Tom Wainwright of Garden Court represented Lesley Gibson, instructed by Tayab Ali of ITN Solicitors.
Carlisle Court acquitted an MS patient today of cultivating cannabis, following the Crown Prosecution Service’s decision not to offer evidence in court today on a public interest basis.
Lesley Gibson, 55, along with her husband Mark Gibson, were acquitted by Carlisle Crown Court of possession and cultivation of cannabis and not guilty verdicts were entered by the judge on the court record.
The case had been looming over the couple since January 2019 and at a court hearing in December 2019 the CPS decided to send the case to trial in January 2020. The defence submitted that the Gibsons had no option but to cultivate cannabis in their home to manage Lesley’s MS as Lesley was unable to access an NHS prescription, while the cost of a private prescription was prohibitive. The Gibsons were acquitted today with the crown offering no evidence and deciding it was not in the public interest to prosecute as Lesley once again has a private prescription for medicinal cannabis, bought at full cost.
There is evidence of a postcode lottery across the country in patient prosecutions for growing cannabis for medical use. At a recent parliamentary meeting organised by MPs, patients gave powerful testimony of living in fear of ‘the knock on the door from police’ and possible prosecution for illegally accessing the cannabis that has transformed their health and quality of life.
The Gibsons’ home was raided in January 2019 with Carlisle Police confiscating 10 baby cannabis plants and three homemade cannabis chocolate bars. While across the country many Police Forces have moved away from a heavy-handed approach to patients growing for medical reasons, Carlisle CPS decided to prosecute. The court case has taken a heavy toll on the Gibsons, with Lesley developing a sarcoma and receiving treatment to remove cancerous cells in November.
Lesley was represented by leading human rights solicitor Tayab Ali, and counsel Tom Wainwright of Garden Court Chambers. The defence team intended to argue at trial that Lesley was forced to break the law in order to alleviate the symptoms of her Multiple Sclerosis, fibromyalgia and hidradentis suppurativa. It was to be argued that this would be what any person in her situation could reasonably have been expected to do.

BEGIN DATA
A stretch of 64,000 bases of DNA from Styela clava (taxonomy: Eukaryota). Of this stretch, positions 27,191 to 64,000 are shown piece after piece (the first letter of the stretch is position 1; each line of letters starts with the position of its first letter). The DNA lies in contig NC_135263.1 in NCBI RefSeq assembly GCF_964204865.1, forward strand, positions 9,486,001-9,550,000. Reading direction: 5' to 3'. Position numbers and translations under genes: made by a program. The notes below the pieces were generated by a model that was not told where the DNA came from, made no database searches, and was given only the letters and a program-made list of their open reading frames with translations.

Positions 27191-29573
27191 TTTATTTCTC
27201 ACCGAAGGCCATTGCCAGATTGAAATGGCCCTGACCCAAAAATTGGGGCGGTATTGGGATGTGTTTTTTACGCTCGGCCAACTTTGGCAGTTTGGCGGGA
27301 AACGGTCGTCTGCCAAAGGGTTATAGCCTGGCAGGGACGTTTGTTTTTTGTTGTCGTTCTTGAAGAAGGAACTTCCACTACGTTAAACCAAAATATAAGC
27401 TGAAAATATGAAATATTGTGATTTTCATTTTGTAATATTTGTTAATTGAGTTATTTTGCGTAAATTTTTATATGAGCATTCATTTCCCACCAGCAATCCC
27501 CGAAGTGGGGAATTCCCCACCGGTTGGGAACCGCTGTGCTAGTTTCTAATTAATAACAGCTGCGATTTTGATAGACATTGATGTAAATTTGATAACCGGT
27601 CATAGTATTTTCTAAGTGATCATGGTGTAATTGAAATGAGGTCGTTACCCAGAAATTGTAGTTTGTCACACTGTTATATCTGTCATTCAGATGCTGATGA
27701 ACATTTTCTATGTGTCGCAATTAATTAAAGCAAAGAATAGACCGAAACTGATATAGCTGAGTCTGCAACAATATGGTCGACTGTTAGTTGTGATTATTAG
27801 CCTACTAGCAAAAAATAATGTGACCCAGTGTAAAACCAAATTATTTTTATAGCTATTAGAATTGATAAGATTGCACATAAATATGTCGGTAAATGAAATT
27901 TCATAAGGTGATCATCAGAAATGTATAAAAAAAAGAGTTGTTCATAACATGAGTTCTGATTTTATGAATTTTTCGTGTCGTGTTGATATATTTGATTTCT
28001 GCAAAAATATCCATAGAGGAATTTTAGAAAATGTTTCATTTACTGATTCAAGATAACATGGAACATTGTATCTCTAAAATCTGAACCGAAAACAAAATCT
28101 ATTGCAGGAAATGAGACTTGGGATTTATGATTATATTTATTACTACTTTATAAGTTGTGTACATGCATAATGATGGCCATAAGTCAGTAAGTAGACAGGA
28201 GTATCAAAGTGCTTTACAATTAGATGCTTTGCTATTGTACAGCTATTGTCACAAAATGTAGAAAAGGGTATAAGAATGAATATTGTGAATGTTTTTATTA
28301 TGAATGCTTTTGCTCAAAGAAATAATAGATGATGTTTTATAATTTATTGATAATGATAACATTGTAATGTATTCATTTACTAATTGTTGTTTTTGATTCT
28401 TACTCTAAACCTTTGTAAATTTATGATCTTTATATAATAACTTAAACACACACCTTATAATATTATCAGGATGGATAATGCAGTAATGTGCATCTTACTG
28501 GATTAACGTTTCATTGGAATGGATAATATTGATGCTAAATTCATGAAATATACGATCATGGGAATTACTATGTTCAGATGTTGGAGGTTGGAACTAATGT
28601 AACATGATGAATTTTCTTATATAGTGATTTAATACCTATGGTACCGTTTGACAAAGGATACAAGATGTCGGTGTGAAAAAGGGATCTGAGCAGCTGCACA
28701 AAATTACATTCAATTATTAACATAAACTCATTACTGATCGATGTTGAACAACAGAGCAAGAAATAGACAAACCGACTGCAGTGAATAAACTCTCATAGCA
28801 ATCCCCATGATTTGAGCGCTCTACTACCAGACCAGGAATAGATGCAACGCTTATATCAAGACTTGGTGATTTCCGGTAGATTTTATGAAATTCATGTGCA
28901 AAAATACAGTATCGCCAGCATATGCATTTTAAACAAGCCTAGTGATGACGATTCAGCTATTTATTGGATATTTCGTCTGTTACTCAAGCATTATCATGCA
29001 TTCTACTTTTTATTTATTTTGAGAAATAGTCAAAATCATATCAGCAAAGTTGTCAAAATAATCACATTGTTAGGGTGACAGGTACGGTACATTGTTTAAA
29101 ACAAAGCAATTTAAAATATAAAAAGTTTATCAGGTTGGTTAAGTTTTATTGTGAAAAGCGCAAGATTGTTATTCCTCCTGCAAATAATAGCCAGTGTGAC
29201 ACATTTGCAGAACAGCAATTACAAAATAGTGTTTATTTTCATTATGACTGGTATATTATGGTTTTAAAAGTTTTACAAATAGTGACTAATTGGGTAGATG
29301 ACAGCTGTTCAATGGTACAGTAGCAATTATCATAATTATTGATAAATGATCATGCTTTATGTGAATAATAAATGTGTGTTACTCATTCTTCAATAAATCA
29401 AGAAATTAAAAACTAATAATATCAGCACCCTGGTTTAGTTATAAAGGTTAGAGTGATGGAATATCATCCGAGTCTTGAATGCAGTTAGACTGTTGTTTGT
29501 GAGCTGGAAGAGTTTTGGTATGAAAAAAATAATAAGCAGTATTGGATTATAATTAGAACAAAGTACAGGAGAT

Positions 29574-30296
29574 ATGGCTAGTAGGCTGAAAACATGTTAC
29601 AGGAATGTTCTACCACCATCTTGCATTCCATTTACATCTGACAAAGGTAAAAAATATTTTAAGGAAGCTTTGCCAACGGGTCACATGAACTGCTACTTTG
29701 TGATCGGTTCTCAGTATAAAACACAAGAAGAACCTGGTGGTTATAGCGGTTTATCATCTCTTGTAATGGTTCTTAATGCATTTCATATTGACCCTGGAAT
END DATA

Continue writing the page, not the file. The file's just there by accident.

Today’s acquittal does not set a precedent which can be relied on by others in court and it remains an offence for people to use cannabis to treat their illnesses. Whilst Lesley’s case does not alter the current law, the case highlights that it is not in the public interest to prosecute patients who have no option but to use medicinal cannabis to treat themselves. Lesley’s legal team intends to ask the Director of Public Prosecutions to review their prosecution policy where people are found to be using cannabis to treat illnesses.
Lesley Gibson said:
“I’m pleased to be acquitted today but this case has been hanging over me for a year and the medicine that kept me well was taken by Police. I don’t want other patients to suffer the same. I hope the CPS will see sense and stop prosecuting patients.”
Lesley’s solicitor Tayab Ali said:
“It can’t be right to prosecute a person who has no choice other than to use medicinal cannabis to alleviate serious symptoms of a condition such as Multiple Sclerosis. I cannot see a situation where it would be in the public interest to prosecute a person in such circumstances. As it remains a criminal offence to cultivate cannabis for medical use, the law needs to be reviewed so that we no longer put seriously ill people through the humiliation and trauma of a police raid, arrest and prosecution only for the prosecution to be later halted because it is, so obviously, not in the public interest to continue it. The law clearly needs to change.”